Bearded axe

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Iron Age bearded axe head from Gotland.

A bearded axe, or Skeggøx (from Old Norse Skegg, "beard", and øx, "axe") refers to various axes, used as a tool and weapon, as early as the 6th century AD. It is most commonly associated with Viking Age Scandinavians. The hook or "beard", i. e. the lower portion of the axe bit extending the cutting edge below the width of the butt, provides a wide cutting surface while keeping the overall weight of the axe low.

Modern Japanese bearded axe, demonstrating the grip for shaving wood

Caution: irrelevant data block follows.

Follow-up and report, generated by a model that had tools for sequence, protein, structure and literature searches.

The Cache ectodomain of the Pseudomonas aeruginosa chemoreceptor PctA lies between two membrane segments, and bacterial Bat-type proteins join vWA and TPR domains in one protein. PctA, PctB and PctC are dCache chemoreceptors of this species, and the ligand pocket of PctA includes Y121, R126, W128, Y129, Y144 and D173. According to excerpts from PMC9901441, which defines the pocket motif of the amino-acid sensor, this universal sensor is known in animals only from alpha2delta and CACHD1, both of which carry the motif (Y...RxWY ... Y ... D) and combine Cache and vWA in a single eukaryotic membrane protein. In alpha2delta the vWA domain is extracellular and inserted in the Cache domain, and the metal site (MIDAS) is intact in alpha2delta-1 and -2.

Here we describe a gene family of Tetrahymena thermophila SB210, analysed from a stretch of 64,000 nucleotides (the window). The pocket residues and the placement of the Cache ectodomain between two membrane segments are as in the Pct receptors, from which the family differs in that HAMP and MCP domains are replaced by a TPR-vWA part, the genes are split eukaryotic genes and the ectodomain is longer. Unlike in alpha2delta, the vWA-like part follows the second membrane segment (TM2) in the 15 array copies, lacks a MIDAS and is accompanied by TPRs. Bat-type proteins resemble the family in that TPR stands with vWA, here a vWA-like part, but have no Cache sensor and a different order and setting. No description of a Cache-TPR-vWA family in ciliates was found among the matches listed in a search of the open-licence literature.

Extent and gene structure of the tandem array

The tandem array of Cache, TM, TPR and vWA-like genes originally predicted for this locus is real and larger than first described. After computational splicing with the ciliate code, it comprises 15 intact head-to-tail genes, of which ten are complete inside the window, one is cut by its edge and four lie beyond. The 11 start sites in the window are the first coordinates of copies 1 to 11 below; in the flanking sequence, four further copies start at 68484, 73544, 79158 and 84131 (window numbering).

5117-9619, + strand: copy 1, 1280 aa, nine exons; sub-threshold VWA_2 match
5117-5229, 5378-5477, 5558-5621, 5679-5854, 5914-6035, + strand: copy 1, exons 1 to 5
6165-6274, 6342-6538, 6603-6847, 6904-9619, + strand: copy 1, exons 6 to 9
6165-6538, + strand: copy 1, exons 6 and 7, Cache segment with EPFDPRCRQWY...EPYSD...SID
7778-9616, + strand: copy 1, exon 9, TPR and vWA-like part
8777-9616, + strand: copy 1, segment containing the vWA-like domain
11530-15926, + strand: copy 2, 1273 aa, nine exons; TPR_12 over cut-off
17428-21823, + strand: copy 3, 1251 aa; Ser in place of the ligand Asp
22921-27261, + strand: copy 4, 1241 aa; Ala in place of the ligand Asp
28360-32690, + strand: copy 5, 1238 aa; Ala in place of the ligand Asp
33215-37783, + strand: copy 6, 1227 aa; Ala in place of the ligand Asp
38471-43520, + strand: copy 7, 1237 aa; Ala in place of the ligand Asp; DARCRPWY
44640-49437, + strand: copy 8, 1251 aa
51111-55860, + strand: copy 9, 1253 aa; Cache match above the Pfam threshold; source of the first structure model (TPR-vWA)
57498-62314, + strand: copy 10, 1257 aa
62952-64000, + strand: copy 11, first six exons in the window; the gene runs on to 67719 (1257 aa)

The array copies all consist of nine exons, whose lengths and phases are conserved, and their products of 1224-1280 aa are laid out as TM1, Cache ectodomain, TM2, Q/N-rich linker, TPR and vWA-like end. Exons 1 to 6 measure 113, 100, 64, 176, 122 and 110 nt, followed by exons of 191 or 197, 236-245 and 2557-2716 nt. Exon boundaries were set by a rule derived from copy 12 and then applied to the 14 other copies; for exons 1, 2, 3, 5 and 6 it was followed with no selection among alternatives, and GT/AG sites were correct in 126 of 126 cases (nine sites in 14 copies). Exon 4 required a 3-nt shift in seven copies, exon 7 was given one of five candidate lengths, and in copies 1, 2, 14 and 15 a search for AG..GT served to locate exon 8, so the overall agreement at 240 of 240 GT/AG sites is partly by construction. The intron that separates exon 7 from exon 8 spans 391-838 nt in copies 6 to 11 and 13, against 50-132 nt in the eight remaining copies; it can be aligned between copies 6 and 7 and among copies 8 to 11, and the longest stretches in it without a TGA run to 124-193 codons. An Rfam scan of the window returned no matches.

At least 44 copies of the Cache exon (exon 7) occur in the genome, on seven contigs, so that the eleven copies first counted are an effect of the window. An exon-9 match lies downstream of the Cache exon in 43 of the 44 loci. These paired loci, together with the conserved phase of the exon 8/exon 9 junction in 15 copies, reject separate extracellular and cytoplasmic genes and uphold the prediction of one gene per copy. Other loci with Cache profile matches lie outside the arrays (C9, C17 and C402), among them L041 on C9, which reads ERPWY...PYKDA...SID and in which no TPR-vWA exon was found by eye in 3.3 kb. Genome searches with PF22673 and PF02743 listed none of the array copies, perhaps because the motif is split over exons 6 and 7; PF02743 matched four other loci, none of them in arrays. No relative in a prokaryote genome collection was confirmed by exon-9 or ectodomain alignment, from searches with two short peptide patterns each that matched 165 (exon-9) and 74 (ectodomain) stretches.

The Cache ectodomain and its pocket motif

This design allows the user to grip the haft directly behind the head for planing or shaving wood and variations of this design are still in use by modern woodworkers and some foresters. The "beard" of the axe would also have been useful in battle, for example to pull a weapon or shield out of a defender's grasp.

There are a number of variants in its design.[1]

See also[edit]

References[edit]

  1. ^ Jan Petersen, "De Norske Vikingesverd", Internet Archive Org Page 38, 1919